This year is all about exploring the cut-on sleeve, it seems. Today’s pattern, which comes from a German magazine, is no exception. Last year, I shortly fell into the rabbit hole of German eBay. Feeling overwhelmed by the choice and not willing to spend a lot of money on something I was not sure I was going to use, I bought some random magazines for a relatively low price, including three 1956 issues of Stimme der Frau.
This magazine is not entirely devoted to fashion and patterns, but also contains articles on entertainment and society. The advantage is that the pattern sheets are not too dense and comparable to those of today’s Burdastyle magazines.
One of the magazines features a special on jersey that includes a couple of casual designs with a distinct fifties style. Last year, I made the sweater with the intriguing neckline pictured in the top left corner. This sweater, which only comes in a size 46, turned out to be much too large on me. This time, I decided to give the top with the gathered bust a try.
This top is a size 42, which seems pretty close to a present-day (European) size 42. I lengthened the top with a couple of centimeters and smoothed out the dramatic curve from the waist to the hip, other than that I did not make any fit adjustments. I think the fit around the neckline, bust and waist is okay, but it is a bit baggy in the back and sleeves. Looking at the photograph in the magazine, however, it seems like it is supposed to be loose in that area.
The fabric is a 100% cotton double knit that I bought together with a whole bunch of other, more colourful, jersey fabrics from Stoff & Stil shortly after my daughter was born. As it turns out, I do not enjoy working with knits that much despite owning an overlocker. Most of that fabric haul, which cost me a small fortune, still sits in my stash. Anyways, it was actually my daughter needing some matching leggings to wear with a shop-bought tunic that prompted me to pull out this fabric. I figured I could make more economical use of the fabric if I cut out the leggings and top at the same time, especially when cutting both the front and the back of the top on the fold.
As the top consists of two main parts only it came together quickly. I sewed the seams on my overlocker, while stitching the darts and gathered bust on my regular machine using a narrow, long zig-zag. Hemming was done with a twin needle, at least I am starting to get the hang of that! If I ever make this top again (not sure I will, though) I will use elastic for the gathering. I have done this a couple of times on baby leggings with good results.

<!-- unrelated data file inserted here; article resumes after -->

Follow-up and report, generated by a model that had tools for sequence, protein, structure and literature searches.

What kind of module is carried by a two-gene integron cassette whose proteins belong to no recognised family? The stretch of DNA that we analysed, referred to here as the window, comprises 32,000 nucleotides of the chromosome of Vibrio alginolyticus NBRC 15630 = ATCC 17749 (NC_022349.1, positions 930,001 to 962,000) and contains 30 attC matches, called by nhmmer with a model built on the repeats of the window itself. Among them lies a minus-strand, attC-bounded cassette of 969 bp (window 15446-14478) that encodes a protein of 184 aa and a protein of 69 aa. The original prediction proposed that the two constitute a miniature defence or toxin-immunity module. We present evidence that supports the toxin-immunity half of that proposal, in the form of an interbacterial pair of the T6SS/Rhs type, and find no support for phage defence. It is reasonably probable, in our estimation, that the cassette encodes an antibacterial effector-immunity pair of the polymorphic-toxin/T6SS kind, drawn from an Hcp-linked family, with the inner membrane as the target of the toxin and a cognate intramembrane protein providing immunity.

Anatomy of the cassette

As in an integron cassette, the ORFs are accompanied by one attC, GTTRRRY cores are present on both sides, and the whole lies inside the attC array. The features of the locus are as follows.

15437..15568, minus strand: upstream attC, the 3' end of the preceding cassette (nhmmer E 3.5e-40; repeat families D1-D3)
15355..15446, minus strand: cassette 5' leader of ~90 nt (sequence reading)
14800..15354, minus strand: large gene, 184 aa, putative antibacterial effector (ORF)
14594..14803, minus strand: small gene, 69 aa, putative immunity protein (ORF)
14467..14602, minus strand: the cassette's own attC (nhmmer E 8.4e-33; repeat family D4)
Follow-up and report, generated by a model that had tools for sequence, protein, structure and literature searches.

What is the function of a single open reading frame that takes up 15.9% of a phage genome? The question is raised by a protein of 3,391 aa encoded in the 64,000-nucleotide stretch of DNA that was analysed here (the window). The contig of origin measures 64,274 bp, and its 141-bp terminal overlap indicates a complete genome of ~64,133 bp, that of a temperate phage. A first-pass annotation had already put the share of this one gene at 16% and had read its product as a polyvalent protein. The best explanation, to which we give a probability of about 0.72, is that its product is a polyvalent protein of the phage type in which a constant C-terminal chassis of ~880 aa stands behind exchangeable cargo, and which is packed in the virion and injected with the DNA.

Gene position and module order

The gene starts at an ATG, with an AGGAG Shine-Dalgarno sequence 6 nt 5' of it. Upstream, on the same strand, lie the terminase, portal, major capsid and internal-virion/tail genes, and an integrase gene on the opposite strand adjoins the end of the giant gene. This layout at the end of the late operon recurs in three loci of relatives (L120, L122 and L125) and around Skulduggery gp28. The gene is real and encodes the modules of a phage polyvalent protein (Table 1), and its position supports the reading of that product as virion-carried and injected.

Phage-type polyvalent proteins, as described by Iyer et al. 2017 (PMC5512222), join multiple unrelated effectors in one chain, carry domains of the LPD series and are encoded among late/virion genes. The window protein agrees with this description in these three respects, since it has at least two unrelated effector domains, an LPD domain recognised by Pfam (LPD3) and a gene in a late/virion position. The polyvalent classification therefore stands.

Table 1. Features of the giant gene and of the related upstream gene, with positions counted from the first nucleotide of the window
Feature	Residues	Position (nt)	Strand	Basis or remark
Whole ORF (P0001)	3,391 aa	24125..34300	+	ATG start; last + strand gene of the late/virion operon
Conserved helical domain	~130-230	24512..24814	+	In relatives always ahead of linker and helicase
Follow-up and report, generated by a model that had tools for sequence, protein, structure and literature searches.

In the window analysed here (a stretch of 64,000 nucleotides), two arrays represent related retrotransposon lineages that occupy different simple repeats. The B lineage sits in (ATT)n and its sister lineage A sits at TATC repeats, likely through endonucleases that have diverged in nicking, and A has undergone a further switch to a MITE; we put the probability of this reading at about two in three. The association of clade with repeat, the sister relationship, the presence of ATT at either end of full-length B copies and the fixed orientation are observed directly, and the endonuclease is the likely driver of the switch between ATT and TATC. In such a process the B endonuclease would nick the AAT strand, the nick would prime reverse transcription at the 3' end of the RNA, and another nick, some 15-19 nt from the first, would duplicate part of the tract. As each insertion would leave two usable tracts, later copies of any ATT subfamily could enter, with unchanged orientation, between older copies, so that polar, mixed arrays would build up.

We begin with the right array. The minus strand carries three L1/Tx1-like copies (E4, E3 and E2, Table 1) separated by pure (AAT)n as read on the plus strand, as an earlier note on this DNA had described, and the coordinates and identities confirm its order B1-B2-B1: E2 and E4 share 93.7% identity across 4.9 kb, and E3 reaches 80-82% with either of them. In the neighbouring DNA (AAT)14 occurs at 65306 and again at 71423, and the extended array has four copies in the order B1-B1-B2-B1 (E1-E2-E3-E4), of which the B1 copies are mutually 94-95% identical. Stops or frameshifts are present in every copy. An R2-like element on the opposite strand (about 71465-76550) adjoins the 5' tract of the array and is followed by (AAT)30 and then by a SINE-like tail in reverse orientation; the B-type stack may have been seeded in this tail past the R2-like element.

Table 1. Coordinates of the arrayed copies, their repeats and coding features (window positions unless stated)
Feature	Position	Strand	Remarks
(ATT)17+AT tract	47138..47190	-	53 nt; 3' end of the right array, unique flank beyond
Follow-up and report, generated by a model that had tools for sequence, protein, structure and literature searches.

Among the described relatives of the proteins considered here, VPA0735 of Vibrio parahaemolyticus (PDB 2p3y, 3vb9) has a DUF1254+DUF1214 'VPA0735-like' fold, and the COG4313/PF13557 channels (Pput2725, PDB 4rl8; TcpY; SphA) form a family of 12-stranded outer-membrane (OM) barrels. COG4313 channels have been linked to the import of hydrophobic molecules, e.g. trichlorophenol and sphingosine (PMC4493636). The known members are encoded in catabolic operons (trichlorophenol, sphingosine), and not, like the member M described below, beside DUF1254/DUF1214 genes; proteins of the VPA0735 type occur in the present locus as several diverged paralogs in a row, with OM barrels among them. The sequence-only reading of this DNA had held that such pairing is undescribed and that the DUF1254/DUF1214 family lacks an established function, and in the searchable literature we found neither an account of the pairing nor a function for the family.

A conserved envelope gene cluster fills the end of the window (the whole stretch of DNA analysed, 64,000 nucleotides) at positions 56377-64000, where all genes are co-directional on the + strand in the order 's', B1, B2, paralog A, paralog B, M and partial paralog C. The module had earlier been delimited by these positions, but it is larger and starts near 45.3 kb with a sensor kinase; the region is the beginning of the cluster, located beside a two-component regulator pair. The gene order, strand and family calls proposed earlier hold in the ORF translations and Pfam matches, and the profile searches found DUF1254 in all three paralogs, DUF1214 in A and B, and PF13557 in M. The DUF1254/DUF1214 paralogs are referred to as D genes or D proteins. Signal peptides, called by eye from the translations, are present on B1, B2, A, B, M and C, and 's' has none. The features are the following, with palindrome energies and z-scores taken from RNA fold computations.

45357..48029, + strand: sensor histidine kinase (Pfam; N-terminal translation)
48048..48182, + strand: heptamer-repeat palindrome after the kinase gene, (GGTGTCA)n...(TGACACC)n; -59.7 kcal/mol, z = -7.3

The disadvantage of sewing such a simple model is that the finishing seems to take ages. I was especially struggling with the neckline. The very short instructions tell you to use strips of bias fabric, but I decided to make facings with self-fabric and fusable interfacing. This worked really well on the first top, which has a V-neck. On this top, however, the facings kept popping out despite under stitching. I top stitched the back neckline, but am not sure what to do about the front, so it still looks a bit wonky.
This is the fourth of five vintage garments I pledged to make this year and my least favorite so far. While I do not love the result right now, I think I will give it a couple of wears before making any changes. Right now I rather spend my time finishing the 30s blouse I have been working on for the past couple of days. Spoiler alert: it has cut-on sleeves.
Cotton double jersey: Stoff & Stil.
Fabric c. 150 Sek (c. 16 Euro) for both the top and the toddler leggings I made at the same time, some scraps of interfacing and thread c. 10 Sek.